To get a taste of St. Augustine’s Spanish past, visits to the Castillo de San Marcos National Monument and Fort Matanzas are imperative. Be sure to admire the workmanship of Castillo de San Marcos (it took 23 years to complete), which was a crucial part of the city’s defense. Constructed of coquina, a virtually indestructible limestone comprised of coral and broken seashells, the walls of the fortress have withstood 300 years of pounding: both by enemy shells and nature’s violent storms. It was removed from the Army’s active duty rolls in 1900 after 205 years of service under five different flags. A bit further off the beaten path (a boat ride is required to reach it), Fort Matanzas is smaller than you’d think, but played an important role in guarding the settlement. Now, the Fort also guards the wide variety of flora and fauna that can be found around the barrier island where it is located. For a more domestic view of St. Augustine at that time, visit the Oldest Wooden Schoolhouse, which was built more than 200 years ago out of red cedar and cypress and is held together with wooden pegs.

After the end of the French and Indian war in 1763, the Treaty of Paris gave Florida to the British. Not much remains of the British occupation, as it only lasted for 20 years.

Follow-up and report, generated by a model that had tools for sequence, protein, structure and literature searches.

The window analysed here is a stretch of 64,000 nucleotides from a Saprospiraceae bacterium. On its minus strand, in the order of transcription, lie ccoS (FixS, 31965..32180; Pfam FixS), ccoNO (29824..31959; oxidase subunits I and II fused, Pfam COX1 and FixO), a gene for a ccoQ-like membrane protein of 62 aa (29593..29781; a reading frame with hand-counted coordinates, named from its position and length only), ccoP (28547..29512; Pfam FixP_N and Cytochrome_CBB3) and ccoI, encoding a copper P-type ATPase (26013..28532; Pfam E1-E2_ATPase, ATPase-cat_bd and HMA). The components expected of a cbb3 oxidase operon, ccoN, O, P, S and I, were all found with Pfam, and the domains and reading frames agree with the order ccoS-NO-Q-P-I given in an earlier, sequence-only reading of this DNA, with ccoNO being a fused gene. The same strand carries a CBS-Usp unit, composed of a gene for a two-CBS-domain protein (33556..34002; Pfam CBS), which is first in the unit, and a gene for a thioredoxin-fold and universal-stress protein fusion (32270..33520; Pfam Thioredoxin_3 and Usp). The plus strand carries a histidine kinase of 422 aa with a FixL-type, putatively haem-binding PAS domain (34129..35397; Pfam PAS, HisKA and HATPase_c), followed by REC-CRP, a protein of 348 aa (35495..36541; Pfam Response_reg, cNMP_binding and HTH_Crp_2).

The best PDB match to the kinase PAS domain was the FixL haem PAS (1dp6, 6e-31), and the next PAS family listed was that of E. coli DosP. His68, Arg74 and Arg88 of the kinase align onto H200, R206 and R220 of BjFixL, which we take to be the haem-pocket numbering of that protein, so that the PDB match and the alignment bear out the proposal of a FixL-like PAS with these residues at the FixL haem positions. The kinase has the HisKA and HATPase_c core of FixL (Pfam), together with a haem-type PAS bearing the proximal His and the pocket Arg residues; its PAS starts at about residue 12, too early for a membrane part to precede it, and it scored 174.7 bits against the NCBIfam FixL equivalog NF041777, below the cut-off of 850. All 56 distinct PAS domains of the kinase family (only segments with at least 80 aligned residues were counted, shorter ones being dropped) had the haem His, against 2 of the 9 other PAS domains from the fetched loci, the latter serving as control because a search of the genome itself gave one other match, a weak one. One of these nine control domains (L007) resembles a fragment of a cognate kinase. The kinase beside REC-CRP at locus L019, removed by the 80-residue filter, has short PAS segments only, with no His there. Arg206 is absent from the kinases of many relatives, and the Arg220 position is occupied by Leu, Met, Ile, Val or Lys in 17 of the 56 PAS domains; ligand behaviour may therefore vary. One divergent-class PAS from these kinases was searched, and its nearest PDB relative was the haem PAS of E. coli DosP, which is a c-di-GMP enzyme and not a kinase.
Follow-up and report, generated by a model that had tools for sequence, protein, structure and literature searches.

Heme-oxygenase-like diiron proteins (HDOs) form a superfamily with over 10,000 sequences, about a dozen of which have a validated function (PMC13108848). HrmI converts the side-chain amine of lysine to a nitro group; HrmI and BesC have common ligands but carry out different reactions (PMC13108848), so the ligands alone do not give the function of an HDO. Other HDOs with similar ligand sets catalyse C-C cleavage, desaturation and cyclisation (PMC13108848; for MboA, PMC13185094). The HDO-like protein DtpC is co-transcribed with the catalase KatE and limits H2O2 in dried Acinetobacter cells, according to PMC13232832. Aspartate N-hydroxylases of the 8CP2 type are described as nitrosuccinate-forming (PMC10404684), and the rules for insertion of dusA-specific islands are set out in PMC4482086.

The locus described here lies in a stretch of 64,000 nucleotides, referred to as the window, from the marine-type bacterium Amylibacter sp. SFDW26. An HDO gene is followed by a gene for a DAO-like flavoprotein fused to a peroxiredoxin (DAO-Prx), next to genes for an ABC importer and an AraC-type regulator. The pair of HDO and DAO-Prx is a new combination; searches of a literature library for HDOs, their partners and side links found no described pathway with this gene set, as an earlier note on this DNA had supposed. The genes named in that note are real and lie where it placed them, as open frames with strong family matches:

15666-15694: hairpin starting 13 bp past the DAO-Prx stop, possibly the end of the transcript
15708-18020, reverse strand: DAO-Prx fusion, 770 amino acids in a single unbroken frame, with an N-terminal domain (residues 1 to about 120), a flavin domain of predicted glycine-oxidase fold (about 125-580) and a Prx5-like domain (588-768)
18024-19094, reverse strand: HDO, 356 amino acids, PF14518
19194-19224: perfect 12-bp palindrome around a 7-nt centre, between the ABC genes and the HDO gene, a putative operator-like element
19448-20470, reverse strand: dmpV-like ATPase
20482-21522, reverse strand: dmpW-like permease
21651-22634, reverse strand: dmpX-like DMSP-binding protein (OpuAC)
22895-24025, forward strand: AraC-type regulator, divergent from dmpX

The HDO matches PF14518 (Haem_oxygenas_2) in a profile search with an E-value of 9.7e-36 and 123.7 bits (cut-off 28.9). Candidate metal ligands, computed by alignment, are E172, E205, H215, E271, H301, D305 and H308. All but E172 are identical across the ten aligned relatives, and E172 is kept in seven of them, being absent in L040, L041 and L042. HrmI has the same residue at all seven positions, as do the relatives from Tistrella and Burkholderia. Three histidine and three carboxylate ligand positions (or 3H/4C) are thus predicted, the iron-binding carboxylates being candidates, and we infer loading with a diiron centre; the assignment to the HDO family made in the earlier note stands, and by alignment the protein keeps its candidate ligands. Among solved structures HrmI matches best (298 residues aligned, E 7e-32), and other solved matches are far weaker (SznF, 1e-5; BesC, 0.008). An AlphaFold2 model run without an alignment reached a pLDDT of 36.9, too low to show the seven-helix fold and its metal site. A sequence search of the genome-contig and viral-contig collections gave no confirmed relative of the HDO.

Florida’s Independence

St Augustine Lighthouse

St Augustine Lighthouse

The 1783 Treaty of Paris gave American colonies north of Florida their independence and ceded Florida to Spain once again; it remained in Spanish hands until it was awarded to the U.S. as the Florida Territory in 1822. Future U.S. president Andrew Jackson was appointed as the military governor; Florida gained statehood in 1845. St. Augustine played a large role during the Civil War; after Florida seceded joined the Confederacy, St. Augustine was captured by the Union army 1862 and remaining under Union control until Florida rejoined the U.S. in 1865. After the Emancipation Proclamation, the town of Lincolnville was established as a residential area for freed slaves and would later become an important location during the Civil Rights movement of the 1960s.

The era after the Civil War is, other than the Spanish occupation, the era that is most evident in St. Augustine’s history and culture. The St. Augustine Lighthouse and Museum not only allows an expansive view of the city after climbing its 214 steps, but the 1875 lighthouse also allows glimpses of St. Augustine’s past through the historic keepers’ house and the Maritime Museum. The St. Augustine Alligator Farm, established in 1893, is one of the oldest attractions in Florida and still delights visitors today.